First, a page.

The study, published in the Annals of Behavioral Medicine, examined the effectiveness of an eight-week, Internet-based program teaching mindfulness, the moment-by-moment awareness of our thoughts, emotions, and environment.
Although prior research suggests mindfulness-based programs can help people combat …
Feb 19, 2014
Self-compassion is at the heart of my teaching these days.
The retreat fees include food and accommodation, and they’re on a sliding scale.
Most us us have the habit of being unkind to ourselves. We talk unkindly to ourselves and often we sacrifice our own well-being in order to “get things done.”
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Feb 10, 2014
Buddhism talks a lot about suffering, but a lot of us think that we don’t suffer, or that we don’t really suffer. There’s a tendency for us to think of suffering in terms of physical pain or material deprivation: the person with terminal cancer or a broken leg, the refugee, the starving child. So we often think of suffering as being something that’s extreme or unusual. But actually, we all suffer, every day. You may be suffering right now.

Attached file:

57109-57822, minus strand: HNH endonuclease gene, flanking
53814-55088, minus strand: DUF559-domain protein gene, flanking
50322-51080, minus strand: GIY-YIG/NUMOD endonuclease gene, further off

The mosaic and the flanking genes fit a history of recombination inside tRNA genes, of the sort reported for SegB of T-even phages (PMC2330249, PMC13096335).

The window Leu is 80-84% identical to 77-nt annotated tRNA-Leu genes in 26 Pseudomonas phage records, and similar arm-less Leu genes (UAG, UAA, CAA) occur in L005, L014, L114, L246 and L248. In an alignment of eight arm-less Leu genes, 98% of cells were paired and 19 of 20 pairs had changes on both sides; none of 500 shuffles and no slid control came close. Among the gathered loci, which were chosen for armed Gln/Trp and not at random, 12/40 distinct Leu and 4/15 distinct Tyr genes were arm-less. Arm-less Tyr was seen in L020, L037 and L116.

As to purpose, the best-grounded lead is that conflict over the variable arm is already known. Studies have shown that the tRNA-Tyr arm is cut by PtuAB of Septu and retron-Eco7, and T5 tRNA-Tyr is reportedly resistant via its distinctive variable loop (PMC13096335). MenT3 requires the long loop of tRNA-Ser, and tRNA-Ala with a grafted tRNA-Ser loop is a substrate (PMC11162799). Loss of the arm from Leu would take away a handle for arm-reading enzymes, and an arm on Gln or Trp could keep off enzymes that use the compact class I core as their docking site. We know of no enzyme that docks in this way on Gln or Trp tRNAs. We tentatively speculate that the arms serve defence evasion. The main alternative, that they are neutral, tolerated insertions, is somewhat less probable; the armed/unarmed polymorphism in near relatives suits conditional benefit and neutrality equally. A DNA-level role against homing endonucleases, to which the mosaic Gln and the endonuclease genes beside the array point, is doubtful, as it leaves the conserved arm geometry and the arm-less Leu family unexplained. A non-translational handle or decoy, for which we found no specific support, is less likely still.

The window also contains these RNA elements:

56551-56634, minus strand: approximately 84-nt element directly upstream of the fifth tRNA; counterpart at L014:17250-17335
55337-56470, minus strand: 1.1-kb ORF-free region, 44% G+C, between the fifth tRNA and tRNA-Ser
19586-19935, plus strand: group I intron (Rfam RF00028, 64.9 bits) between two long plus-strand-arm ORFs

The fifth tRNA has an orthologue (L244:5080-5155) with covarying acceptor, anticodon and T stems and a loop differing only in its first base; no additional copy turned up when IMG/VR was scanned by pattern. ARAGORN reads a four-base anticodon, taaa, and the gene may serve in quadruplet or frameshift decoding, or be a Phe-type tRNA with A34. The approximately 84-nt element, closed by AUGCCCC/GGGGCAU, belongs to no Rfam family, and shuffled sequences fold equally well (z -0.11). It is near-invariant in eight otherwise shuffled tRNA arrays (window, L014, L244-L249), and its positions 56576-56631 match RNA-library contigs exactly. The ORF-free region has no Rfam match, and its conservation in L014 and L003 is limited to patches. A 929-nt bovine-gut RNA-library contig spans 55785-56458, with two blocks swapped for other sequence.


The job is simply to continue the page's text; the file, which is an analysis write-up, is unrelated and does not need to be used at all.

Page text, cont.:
- When you’re worrying what people think about you, you’re suffering.
- When you feel resentful, you’re suffering.
- When you’re impatient, you’re suffering.
- When you’re embarrassed, you’re suffering.
- When you’re irritated, you’re suffering.
- When you’re feeling
Dec 18, 2013
For various reasons, we can sometimes experience a fear of meditating. We may know that meditating would help us, but we find the thought of getting on the cushion terrifying. Perhaps we bury ourselves in distractions in order to keep the fear at bay.
If this is something you experience, how can you deal with it? I’d suggest that rather than “be tough” and forcing yourself to meditate, it would be more useful to be accepting and compassionate toward your anxiety. Your anxiety isn’t intending to be your enemy — it thinks it’s protecting you from some kind of danger. It’s misguided rather than “bad.” So what …